STS 1126.101 — Science & Society: Stories of Agri(Culture)

Fall 2017 Syllabus
Fall 2019 Syllabus

Course Description: This seminar will teach students to write clearly about issues in agriculture, paying particular attention to the mutual shaping of science and society. For inspiration, we will critically read compelling writers from a variety of genres, such as Liberty Hyde Bailey, Anna Comstock, Evelyn Fox Keller, and Michael Pollan. We will draw extensively on Cornell-based resources and stories through visits with university archivists, historians, laboratories, and scientists. Writing assignments may include: magazine-style science articles about researchers at Cornell, as well as oral histories with agriculturalists in the Ithaca or Cornell communities. This course will culminate in a collaborative, edited collection of our own stories of agriculture and society—at home and at Cornell.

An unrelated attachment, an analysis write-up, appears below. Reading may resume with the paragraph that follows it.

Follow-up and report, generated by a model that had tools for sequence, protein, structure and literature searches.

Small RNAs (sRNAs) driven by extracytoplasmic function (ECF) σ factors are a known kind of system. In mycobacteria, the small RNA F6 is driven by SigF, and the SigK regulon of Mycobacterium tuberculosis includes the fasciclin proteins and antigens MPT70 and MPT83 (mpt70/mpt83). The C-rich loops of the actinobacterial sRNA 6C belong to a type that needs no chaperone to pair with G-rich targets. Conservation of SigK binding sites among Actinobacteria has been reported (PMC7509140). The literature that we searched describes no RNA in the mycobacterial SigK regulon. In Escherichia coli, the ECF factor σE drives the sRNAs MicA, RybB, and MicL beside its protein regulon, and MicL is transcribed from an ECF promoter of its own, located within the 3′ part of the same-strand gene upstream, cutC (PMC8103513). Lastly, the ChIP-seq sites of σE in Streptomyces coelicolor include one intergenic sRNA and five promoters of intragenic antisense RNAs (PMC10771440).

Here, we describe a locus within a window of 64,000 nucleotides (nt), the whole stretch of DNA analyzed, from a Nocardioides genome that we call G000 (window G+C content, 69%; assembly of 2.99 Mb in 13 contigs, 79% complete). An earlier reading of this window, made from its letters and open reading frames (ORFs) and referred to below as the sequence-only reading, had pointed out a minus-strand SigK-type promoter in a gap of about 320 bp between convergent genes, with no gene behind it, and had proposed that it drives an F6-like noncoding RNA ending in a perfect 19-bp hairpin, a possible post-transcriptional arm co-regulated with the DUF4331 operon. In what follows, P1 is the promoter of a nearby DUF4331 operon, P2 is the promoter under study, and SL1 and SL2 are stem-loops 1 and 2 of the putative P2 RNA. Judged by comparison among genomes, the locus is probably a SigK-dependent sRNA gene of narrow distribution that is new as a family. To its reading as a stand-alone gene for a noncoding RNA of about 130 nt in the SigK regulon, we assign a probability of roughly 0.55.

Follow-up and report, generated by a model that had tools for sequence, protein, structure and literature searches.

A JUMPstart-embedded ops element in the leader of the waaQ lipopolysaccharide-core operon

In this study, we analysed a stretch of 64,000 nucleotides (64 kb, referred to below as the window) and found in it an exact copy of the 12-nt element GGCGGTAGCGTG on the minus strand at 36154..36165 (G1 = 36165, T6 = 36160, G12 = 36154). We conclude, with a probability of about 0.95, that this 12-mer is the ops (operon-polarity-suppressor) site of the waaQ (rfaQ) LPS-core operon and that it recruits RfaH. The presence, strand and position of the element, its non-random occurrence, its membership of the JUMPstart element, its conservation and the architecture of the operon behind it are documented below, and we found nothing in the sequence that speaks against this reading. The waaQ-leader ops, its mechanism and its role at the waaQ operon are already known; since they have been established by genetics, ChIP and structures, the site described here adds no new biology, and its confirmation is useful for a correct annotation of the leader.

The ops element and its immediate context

Course Rationale: By using Cornell’s campus itself as a laboratory for considering stories of (agri)culture, this course provides students with a unique appreciation of the university where they will spend the next four years of their lives—and most importantly, with a solid foundation in writing, research, and community-building that can be transferred to any disciplinary path they choose to pursue. The stories, people, locations, and archives students will be exposed to will be thought of as both tools and objects of research, and will be conceptualized, discussed, and written about through a variety of (sub)disciplinary lenses. We will model our work on well-written, classic historical and contemporary texts that demonstrate the variety of writing styles and genres common in the field of Science & Technology Studies. The goal of this course is to use the writing (and revision) process to build persuasive arguments that suit the demands of a particular topic, medium, or audience.

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